Volunteer blog – ‘Winter the Artist’

This weeks blog describes the studio as a hub for art of all types!

More from the newspapers: Winter the Artist

Walter Winter styled himself as an artist in photography. One only has to look at the hand coloured photographic portraits he produced to realise that he was extremely skilled in this field. Walter Winter came from a line of East Anglian artists. His grandfather John Winter was an artist and painter of glass and his father Cornelius and brother Holmes both worked as artists. One wonders what might have been if Walter hadn’t turned to photography.

The 1861 Census has Walter living in Great Yarmouth with his father and described as an ornamental painter. Cornelius is described as an artist and painter of animals and portraits. He is known to have been a photographer being described as such in White’s Directory of Norfolk for 1854. This was not unusual, many artists turned to photography, and early directories listed artist and photographers under the same heading before separating the two in the late 1860s. Walter and his father retained close links when he moved to Derby. From correspondence we know Cornelius visited the town and they passed work to and from each other – photographs for finishing and works of art for sale. The transactions are listed in a small notebook found at the Winter’s premises.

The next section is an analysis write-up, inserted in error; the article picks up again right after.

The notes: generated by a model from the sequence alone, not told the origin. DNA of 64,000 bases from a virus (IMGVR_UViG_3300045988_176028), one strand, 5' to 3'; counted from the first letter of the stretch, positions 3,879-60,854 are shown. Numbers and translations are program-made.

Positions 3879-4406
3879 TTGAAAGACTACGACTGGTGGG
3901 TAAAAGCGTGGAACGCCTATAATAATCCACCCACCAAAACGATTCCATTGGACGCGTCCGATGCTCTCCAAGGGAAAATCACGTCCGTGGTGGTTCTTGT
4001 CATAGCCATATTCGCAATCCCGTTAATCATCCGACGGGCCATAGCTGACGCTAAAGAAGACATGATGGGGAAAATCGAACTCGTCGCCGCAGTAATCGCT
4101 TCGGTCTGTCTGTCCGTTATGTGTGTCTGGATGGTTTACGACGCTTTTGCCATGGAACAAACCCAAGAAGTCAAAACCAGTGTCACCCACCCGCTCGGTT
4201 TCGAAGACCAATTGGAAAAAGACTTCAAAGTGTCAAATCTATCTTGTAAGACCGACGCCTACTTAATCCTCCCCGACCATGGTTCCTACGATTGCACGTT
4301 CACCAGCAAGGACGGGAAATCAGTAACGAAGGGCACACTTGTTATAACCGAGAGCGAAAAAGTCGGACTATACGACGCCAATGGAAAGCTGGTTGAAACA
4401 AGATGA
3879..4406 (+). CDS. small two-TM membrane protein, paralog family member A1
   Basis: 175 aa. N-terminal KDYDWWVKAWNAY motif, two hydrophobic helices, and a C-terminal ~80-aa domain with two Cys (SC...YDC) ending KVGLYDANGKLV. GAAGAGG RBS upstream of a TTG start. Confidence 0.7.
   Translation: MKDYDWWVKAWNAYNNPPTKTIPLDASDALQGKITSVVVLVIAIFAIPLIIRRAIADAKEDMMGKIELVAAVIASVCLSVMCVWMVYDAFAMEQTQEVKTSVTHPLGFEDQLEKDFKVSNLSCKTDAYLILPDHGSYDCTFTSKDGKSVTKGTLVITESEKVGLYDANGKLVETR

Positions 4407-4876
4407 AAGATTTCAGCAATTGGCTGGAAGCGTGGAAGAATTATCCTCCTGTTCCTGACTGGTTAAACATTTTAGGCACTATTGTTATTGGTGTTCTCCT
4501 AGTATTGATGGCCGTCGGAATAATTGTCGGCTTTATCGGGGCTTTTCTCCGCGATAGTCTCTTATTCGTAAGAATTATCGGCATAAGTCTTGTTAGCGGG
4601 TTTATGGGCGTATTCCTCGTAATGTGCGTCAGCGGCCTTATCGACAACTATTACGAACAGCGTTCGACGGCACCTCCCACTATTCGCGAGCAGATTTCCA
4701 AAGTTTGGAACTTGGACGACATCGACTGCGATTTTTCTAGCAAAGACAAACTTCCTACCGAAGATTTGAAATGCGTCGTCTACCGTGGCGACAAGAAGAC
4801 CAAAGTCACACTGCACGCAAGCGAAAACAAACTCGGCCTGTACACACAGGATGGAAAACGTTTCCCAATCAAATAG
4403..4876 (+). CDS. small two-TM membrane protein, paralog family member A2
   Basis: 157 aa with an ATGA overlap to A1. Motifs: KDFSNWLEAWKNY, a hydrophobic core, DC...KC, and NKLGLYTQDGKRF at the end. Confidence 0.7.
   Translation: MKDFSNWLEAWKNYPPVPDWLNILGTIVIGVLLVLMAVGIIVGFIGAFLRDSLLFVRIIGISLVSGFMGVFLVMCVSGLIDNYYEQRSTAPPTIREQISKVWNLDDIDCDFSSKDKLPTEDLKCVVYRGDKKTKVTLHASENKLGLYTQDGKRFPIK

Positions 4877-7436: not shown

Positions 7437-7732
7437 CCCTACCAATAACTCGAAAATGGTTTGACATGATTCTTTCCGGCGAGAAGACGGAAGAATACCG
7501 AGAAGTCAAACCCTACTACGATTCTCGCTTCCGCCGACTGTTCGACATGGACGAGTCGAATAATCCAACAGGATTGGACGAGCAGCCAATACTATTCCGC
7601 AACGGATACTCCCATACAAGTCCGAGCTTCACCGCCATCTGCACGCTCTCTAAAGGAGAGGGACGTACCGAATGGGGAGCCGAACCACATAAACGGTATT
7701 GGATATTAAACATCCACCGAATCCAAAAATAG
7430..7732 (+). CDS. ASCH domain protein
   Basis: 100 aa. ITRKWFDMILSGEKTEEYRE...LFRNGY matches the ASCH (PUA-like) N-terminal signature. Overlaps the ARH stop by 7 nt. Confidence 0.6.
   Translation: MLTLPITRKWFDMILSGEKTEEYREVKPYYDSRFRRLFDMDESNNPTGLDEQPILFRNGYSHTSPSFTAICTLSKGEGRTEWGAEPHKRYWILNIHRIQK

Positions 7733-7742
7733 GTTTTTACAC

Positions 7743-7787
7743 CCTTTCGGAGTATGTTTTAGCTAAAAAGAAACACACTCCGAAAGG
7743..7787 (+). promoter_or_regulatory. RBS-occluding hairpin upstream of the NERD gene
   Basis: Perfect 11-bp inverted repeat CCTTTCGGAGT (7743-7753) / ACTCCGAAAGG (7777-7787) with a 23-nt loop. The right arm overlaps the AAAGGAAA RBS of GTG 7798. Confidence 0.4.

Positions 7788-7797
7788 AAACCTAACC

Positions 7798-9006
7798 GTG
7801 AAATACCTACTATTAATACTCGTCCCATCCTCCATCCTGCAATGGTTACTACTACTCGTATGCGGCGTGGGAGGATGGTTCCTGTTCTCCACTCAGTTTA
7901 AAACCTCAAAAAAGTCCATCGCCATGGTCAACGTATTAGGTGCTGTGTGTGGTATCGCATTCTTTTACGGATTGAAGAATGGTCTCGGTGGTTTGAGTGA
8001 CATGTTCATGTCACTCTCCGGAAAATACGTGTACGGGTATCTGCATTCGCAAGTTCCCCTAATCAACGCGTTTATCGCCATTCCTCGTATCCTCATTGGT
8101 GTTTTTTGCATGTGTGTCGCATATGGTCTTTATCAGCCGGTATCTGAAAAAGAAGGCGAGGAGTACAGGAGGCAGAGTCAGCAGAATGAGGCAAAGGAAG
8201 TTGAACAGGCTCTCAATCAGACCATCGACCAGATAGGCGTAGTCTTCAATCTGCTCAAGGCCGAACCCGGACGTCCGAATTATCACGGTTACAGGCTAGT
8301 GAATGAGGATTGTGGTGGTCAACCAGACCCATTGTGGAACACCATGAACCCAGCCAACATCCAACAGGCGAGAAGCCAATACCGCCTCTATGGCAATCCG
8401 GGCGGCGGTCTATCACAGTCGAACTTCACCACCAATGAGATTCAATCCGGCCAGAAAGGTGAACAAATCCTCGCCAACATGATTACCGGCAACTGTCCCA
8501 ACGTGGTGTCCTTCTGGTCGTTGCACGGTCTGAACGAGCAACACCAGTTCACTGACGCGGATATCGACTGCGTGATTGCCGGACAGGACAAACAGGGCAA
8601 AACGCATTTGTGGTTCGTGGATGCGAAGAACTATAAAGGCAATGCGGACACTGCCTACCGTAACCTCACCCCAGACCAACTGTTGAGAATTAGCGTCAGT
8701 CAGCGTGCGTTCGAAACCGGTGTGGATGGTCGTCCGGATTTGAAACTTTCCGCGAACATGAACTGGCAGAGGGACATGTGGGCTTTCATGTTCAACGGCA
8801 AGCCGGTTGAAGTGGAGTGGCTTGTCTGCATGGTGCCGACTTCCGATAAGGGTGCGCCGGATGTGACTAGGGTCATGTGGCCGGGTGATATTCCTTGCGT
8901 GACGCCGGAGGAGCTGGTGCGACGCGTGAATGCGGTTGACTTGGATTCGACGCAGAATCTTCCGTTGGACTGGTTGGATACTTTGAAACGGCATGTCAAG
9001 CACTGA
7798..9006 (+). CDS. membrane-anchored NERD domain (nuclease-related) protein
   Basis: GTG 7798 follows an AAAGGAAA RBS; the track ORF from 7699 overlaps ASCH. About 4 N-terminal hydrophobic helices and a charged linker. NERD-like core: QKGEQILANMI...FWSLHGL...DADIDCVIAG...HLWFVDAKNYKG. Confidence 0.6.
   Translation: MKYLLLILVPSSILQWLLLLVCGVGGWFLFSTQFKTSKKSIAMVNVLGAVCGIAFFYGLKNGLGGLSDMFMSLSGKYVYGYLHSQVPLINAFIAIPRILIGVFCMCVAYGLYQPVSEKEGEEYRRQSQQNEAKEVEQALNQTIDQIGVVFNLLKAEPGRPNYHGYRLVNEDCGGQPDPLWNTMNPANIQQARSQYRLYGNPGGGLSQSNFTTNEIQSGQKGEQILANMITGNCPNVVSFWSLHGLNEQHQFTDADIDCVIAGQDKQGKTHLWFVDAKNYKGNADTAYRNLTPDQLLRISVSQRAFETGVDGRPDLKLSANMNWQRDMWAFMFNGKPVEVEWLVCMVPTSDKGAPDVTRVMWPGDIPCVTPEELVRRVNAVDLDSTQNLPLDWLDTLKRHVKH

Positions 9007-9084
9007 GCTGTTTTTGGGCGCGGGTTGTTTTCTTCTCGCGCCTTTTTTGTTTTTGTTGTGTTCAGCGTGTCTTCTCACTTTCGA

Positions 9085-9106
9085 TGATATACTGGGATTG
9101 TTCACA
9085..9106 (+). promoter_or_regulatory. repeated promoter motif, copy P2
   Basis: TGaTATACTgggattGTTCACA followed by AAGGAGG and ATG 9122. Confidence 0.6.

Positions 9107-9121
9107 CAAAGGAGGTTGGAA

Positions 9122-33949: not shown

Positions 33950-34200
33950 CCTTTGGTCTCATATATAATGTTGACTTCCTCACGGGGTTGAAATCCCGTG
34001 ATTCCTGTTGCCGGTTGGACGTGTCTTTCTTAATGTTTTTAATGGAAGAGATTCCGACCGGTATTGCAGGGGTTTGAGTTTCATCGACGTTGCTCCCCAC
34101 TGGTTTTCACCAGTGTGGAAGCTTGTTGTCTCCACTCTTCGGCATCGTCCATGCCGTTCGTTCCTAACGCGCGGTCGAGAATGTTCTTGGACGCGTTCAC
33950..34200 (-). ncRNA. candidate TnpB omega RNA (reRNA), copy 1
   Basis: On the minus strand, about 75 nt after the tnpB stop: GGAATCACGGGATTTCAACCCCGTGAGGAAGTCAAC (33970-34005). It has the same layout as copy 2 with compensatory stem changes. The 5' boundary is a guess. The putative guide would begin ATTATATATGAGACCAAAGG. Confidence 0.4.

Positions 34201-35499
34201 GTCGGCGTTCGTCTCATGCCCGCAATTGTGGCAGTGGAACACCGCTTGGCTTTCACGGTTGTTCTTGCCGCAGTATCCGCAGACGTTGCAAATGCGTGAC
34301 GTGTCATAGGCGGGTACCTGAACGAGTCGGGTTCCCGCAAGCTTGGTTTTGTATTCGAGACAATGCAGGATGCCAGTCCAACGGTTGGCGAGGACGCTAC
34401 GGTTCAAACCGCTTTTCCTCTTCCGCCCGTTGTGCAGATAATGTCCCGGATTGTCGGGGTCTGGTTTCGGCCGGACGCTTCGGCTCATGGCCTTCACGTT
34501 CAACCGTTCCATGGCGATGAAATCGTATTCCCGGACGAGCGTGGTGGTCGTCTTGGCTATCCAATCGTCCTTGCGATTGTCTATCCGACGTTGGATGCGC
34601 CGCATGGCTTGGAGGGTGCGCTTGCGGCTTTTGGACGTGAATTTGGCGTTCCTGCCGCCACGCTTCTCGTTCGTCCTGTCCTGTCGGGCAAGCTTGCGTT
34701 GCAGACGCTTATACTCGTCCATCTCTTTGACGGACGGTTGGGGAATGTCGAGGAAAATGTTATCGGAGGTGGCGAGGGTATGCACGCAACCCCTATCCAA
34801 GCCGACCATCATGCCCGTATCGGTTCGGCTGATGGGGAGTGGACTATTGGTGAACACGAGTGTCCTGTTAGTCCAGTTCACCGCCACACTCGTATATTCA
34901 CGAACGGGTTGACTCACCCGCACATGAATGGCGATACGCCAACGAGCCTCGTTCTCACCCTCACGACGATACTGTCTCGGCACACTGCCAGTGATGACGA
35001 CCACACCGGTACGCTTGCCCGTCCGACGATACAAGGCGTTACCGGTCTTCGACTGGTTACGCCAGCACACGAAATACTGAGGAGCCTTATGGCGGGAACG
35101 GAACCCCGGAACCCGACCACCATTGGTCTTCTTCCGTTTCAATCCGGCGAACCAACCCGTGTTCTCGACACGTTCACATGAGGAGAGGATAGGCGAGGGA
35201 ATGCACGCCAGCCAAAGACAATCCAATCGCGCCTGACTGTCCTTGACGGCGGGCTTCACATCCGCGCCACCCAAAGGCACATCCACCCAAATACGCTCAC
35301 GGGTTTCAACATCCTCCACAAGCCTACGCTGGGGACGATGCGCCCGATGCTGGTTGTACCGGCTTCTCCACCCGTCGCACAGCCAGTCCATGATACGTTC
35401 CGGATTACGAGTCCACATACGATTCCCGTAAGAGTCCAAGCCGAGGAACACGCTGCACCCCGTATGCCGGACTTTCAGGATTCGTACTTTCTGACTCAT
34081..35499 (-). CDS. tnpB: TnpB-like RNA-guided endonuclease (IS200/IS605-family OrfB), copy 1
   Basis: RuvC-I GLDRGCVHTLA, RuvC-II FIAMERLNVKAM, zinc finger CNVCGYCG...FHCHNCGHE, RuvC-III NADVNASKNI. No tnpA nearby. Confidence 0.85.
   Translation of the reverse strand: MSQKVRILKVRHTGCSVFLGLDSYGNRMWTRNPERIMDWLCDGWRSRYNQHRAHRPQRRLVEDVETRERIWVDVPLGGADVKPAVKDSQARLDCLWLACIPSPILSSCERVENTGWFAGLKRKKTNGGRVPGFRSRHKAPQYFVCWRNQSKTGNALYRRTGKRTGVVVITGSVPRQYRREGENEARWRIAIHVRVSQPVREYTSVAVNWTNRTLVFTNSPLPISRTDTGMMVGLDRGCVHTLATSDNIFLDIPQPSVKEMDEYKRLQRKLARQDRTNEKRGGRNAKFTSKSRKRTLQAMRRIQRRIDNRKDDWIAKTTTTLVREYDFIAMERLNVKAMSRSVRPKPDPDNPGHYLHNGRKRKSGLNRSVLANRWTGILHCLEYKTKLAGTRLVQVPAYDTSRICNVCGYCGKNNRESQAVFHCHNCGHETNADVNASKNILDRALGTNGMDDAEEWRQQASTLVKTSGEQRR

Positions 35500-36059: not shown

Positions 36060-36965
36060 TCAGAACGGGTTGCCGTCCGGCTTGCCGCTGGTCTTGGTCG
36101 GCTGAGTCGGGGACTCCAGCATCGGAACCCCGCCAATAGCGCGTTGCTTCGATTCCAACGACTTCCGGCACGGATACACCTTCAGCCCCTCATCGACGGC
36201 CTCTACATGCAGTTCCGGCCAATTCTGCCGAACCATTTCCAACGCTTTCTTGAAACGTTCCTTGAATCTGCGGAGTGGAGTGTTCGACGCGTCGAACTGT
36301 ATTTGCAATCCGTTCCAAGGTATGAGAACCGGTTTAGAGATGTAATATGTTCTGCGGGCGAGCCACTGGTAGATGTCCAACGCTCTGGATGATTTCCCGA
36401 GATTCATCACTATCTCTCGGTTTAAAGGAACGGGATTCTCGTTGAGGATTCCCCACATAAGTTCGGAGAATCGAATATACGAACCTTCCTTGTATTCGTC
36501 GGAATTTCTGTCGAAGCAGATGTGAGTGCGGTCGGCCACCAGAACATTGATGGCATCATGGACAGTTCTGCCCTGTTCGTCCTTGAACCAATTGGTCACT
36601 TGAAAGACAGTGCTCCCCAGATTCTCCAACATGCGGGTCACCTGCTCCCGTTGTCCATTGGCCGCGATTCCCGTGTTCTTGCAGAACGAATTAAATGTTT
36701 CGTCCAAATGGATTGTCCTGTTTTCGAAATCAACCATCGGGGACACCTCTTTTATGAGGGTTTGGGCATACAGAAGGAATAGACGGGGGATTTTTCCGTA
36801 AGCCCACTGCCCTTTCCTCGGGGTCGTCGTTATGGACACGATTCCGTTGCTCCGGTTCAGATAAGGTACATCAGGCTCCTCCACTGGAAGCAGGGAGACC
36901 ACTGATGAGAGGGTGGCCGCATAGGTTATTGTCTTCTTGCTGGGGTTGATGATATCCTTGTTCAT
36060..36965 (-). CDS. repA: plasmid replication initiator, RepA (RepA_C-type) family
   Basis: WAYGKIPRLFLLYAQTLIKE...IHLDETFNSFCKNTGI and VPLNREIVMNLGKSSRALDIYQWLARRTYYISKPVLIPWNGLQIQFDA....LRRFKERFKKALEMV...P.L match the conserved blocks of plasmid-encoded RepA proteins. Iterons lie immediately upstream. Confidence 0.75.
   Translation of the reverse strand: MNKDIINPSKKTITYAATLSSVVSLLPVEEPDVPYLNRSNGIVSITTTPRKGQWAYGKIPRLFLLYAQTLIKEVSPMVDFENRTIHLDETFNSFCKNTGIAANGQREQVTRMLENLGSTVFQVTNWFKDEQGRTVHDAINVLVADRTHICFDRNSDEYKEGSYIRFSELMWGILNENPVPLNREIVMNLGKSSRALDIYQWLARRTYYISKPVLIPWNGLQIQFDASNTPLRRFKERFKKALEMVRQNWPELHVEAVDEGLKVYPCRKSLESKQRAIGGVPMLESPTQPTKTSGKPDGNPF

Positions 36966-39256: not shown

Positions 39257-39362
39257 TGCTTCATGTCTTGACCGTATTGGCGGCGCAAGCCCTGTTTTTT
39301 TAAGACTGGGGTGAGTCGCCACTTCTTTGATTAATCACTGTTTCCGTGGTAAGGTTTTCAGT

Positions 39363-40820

Newspaper articles reveal that Walter dealt in fine art and antiquities, particularly china, holding sales at auction rooms in Derby and Leicester. The business had its own fine art department, and after the premises were remodelled following the fire an annual art exhibitions. Newspapers reported the event and described the exhibits. As well as the traditional oil and watercolour, there were paintings on silvered glass, china and terracotta. Needlework was also a feature. Exhibitors numbering up to 350 professional and amateur artists came from the UK and abroad. Prizes and medals were awarded. A recently discovered print shows the medal awarded in 1892 to an Ada Parnham. One wonders if readers know of any other medals still in existence – if so Winter’s would be delighted to hear about them! The Fine Art Department came to an end in 1896 when Walter Winter announced its closure and the sale of many items. The space was needed to provide a showroom for specimens of Art Photographic Portraiture.

Walter Winter’s early training as an artist is reflected in the superb quality of his photography which came to be acknowledged in the UK and abroad by the number of medals he won. He was as he advertised…..an artist in photography.

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